It suddenly dawned on Gai why the investigation had only seemed now to be of any import. Their connection with Judas suggested a possible treasonous motive for their desertion, and Gai could not honestly know if there was any truth behind it, for this was the first time he had even contemplated such a connection.
The proctor looked at Gai as though appraising whether he had finally come to the right conclusion or not, before continuing. “How would you describe your connection to the brothers?”
“Friends. With Maya at least,” Gai said honestly. That would be difficult one to wrangle out of if he tried to cover it up. The palace intelligence clearly already knew that much.
“And your relationship with Kira?”
“Kira was often absent, and is haughty with others. I’ve tried to be friendly, but I couldn’t say we get along exactly.”
Clio nodded, and said, “And what were the purposes of his absences?”
“I don’t know,” Gai said. “He wasn’t an open guy.” Maya, by contrast, was, but Gai had long had the impression that there were matters that the brothers held between themselves that were secret to all outside their world of two. It hadn’t truly bothered him until he had suddenly disappeared without a word, leaving Gai feeling very alone and out of the loop.
“Do you know anything of the connection between the brothers and one of their fellow corps members, Kagero no Shiva?” Clio said.
There was yet another peculiarity of the case, thought Gai, that the dead assassin was not the only special corps member seemingly involved in the murder plot.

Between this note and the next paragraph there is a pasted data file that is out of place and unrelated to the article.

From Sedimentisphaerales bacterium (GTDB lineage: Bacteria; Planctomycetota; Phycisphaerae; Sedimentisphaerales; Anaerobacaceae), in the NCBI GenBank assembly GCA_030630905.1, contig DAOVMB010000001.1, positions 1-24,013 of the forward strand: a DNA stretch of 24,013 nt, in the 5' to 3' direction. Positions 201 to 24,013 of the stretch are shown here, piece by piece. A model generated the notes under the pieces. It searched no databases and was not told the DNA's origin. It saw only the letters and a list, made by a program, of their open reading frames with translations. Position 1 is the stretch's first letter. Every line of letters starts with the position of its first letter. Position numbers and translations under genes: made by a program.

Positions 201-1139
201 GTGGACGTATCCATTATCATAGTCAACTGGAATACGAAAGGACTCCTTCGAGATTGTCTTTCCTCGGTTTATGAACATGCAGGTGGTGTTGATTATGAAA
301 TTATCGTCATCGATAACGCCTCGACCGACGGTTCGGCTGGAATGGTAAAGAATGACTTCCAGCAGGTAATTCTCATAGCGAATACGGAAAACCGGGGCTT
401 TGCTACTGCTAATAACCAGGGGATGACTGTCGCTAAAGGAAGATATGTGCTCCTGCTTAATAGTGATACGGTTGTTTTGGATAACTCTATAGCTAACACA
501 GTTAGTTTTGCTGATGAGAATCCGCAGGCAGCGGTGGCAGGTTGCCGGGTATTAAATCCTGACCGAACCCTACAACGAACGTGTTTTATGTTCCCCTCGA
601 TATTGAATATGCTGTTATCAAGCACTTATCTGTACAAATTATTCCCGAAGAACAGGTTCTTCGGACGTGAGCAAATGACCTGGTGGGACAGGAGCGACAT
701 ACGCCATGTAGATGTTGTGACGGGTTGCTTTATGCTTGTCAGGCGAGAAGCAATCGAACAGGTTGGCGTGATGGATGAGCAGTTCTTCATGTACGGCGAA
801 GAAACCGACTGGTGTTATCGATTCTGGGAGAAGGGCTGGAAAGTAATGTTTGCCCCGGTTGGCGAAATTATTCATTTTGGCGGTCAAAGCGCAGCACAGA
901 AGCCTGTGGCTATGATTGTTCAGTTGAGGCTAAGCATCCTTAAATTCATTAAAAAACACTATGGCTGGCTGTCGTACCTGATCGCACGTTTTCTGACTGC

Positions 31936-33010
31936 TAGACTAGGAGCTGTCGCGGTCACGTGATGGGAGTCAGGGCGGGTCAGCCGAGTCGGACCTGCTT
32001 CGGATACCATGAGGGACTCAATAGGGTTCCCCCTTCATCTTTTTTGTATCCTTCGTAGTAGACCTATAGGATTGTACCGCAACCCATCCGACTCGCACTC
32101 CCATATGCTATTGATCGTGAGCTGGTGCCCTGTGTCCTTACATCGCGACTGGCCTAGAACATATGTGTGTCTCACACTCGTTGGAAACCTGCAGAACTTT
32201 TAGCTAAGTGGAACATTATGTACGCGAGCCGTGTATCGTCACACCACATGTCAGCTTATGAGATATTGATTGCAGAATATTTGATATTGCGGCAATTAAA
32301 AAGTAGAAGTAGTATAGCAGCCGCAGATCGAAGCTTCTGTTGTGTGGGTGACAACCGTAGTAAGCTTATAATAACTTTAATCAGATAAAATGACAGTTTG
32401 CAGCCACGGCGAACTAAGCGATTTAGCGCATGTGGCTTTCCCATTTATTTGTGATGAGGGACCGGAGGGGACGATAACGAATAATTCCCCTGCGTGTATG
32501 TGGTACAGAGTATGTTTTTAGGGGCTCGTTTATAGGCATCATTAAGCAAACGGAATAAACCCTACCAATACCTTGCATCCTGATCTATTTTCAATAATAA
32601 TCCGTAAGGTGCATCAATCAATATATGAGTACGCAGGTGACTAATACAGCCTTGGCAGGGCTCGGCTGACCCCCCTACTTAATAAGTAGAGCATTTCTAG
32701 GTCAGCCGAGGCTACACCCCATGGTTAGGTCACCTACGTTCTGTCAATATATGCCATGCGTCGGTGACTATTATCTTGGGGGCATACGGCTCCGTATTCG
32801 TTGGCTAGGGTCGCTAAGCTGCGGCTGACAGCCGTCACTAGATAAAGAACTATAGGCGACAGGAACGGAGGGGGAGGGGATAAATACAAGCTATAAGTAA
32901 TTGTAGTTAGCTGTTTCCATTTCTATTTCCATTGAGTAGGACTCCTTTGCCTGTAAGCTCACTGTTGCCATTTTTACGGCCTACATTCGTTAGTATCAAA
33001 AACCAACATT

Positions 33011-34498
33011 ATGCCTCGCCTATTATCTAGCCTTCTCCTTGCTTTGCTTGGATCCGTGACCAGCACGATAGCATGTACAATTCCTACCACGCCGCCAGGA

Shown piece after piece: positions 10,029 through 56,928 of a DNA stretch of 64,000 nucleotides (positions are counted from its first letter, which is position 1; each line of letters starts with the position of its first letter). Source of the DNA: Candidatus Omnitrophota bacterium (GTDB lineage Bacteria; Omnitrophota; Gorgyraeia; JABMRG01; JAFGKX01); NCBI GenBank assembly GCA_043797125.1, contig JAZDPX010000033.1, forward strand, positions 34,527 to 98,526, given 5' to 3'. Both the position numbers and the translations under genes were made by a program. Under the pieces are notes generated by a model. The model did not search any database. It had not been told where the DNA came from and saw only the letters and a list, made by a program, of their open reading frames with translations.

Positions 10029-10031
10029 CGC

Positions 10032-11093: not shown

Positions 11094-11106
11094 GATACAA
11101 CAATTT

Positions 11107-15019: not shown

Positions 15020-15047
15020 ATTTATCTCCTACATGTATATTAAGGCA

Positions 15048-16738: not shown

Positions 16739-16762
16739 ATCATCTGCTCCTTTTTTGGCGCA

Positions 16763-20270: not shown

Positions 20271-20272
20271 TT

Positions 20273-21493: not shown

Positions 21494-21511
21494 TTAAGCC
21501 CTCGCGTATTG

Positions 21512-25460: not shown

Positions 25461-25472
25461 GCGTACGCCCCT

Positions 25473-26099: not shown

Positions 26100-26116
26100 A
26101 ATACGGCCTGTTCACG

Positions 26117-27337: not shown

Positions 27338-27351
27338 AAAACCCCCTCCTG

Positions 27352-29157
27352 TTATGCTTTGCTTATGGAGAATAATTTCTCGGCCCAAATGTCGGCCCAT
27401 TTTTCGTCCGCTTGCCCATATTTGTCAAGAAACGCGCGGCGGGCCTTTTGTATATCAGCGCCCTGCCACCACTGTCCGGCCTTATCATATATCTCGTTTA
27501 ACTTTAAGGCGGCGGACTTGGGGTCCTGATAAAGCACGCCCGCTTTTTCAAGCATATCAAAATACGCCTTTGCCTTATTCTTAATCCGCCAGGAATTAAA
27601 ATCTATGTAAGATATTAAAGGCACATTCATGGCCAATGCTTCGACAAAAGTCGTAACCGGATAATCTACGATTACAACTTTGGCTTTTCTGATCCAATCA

“Shiva is a little worm and he hated them both,” Gai said, not bothering to hide his feelings on that subject.
“Please avoid colour, and inform me why you think that is,” Clio said.
This was a trickier one to negotiate. “They didn’t have many friends or supporters, but from what I saw and heard tell of Shiva, he had fewer and envied the attention they received from the higher ups.”
“Hm. The antagonism matches my understanding of the situation at least. How often were you in the company of Maya?” Clio asked.
“Rarely,” Gai said, offering something that wasn’t untrue, but downplayed the connection a little. “After returning from the Winter Palace, I saw him only a few times before his disappearance.”
“You were part of the entourage at the Winter Palace,” Clio said, laying out another piece of paper before him, “guarding the chambers of the Crown Prince, it says.”
“Yes,” Gai said, trying to hide his alarm. He wasn’t certain whether that was meant to implicate him in the whole affair that now seemed to be unfolding in a new light.
“Notes from your commanding officer seem to suggest you served well, if occasionally appearing somewhat insubordinate with his highness. Did you have any contact with him after your return?”